HONG KONG — Meng Lin, who is HIV positive and an AIDS activist in Beijing, relies on friends to send him drugs from overseas every month—medicine he needs to stay alive.
There are days when he despairs as he watches his cache of drugs dwindle with no replenishment in sight.
“I feel very troubled when the supply drops to just eight to 10 days. The worst is when there's just a day's supply left, before the replenishment arrives,” Meng told Reuters in a telephone call from Beijing.
“It often happens and I get very anxious because if (I develop resistance to these drugs), there'll be no more chance for me.”
Experts at the 16th international AIDS conference in Toronto this week are discussing the difficulties of making AIDS drugs widely available to everyone around the world who needs them.
Some 650,000 people in China are living with HIV/AIDS, but only one in four who need HIV drugs received them in 2005, according to a recent report by the United Nations' UNAIDS.
And if patients fail to keep taking the medicine, they may develop resistance to the few drugs that are available and require new and more powerful medications.
So-called second-line AIDS drugs are seven to 28 times more expensive than those given as the first course of treatment. More importantly, key second-line drugs, such as tenofovir and lopinavir/ritonavir, known under the brand name Kaletra, are not sold in China even though they are available in many other countries.
Meng, who takes second-line Kaletra and lamivudine, counts himself as very lucky because he has been able to procure them from abroad—at a cost of 160,000 yuan (US$19,500) a year.
“Lots of people need them in China, but they are not sold. For six months in 2003, I used drugs that were available in China, but I quickly suffered side effects, so I started on Kaletra in 2004,” said Meng, who learned of his infection in 1995.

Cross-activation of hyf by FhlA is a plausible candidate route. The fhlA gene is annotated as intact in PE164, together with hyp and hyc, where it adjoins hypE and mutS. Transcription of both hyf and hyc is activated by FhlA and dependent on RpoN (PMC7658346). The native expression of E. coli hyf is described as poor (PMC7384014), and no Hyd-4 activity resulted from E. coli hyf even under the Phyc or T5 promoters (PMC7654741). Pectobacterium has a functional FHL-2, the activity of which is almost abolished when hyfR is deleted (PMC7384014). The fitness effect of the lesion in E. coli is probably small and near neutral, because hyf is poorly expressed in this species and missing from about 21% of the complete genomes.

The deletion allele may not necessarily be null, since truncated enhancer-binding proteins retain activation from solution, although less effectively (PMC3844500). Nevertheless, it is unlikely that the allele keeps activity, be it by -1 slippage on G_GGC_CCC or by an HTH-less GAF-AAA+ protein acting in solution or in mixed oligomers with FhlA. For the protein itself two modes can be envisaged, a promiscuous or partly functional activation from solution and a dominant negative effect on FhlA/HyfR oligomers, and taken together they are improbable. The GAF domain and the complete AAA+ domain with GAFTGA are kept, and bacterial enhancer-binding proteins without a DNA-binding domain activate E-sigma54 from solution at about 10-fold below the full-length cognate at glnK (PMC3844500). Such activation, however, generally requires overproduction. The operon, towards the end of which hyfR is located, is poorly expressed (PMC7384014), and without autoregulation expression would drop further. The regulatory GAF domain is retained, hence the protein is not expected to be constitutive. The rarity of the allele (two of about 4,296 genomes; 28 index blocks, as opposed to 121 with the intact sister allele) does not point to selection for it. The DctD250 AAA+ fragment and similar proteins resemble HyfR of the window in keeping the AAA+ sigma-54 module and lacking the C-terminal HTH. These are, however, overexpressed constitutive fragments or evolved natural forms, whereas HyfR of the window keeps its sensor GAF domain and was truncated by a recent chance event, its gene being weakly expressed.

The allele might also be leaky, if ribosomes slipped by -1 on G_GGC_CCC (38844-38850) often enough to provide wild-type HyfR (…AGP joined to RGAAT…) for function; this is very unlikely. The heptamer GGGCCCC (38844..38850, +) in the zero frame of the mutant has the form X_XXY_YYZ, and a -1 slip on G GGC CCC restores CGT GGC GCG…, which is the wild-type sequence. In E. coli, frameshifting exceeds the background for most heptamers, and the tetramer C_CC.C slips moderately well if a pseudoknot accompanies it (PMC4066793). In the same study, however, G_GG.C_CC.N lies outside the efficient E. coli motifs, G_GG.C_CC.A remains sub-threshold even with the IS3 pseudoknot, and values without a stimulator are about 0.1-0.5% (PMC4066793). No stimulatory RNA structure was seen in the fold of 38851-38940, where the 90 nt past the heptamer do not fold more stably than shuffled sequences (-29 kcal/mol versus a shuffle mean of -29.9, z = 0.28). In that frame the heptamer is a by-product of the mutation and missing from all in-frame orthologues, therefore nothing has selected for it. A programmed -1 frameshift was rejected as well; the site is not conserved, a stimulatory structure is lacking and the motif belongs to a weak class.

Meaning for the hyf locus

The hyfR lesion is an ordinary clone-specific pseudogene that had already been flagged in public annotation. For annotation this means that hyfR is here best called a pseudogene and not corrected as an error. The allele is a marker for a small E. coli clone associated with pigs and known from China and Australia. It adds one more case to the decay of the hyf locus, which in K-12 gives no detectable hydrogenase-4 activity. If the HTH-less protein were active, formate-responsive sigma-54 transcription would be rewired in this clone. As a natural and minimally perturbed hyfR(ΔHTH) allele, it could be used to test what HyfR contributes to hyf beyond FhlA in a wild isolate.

“My friends source the drugs for me, from Uganda, and other countries, all over the place. Every month they are searching for me. I get my stocks monthly. I don't have any stockpile, though a friend sent me stocks for two months recently.”
Waiting to Die
“Therapy in China is not mature. People take whatever drug is available, so I am lucky,” said Meng. “Most people don't have the money to buy drugs (from overseas). Some get to join clinical tests, and they are considered very lucky.”
Meng belongs to the Ark of Love help group and travels throughout China to educate people about the disease.
“Some people are in need of second-line drugs but can't get them, so they are waiting to die. In Beijing, there are at least 11 or 12 people that I know,” Meng said.
Suerie Moon, a senior adviser with Medecins Sans Frontieres (Doctors Without Borders) in Beijing, said the lack of drugs in China means patients cannot have the best that science can offer.
People who react badly to the few drugs that are available find they have nothing else to choose from.
For example, some users of Indinavir, a second-line drug, are known to have developed kidney stones. Meng felt numbness on one side of his body after taking Indinavir for six years.
“It's a fundamental problem that we don't have the drugs that we need,” Moon said. “We shouldn't be in a situation that we have to make do with suboptimal medicines. We should have the best drugs that we can get. We should have the most powerful ones, the ones that are the safest, that have the least side effects.”
Abbott Laboratories Inc. produces Kaletra, the biggest-selling of a class of HIV drugs known as protease inhibitors. Beijing is negotiating with Abbott over a price to supply the drug, but a deal is not expected any time soon.
Sources told Reuters that Abbott is asking US$1,000 for a full-year course but the Chinese regime is unwilling to pay more than US$400.
Asked for comment, an Abbott spokeswoman said it was in discussions with China's health ministry regarding the availability of Kaletra but would give no other details.
Activists are critical of the company.
“In my opinion they are abusing their monopoly,” said Moon. “They are abusing the patent rights they have by refusing to supply a life-saving medicine to a population that needs it.”
Edited by The Epoch Times.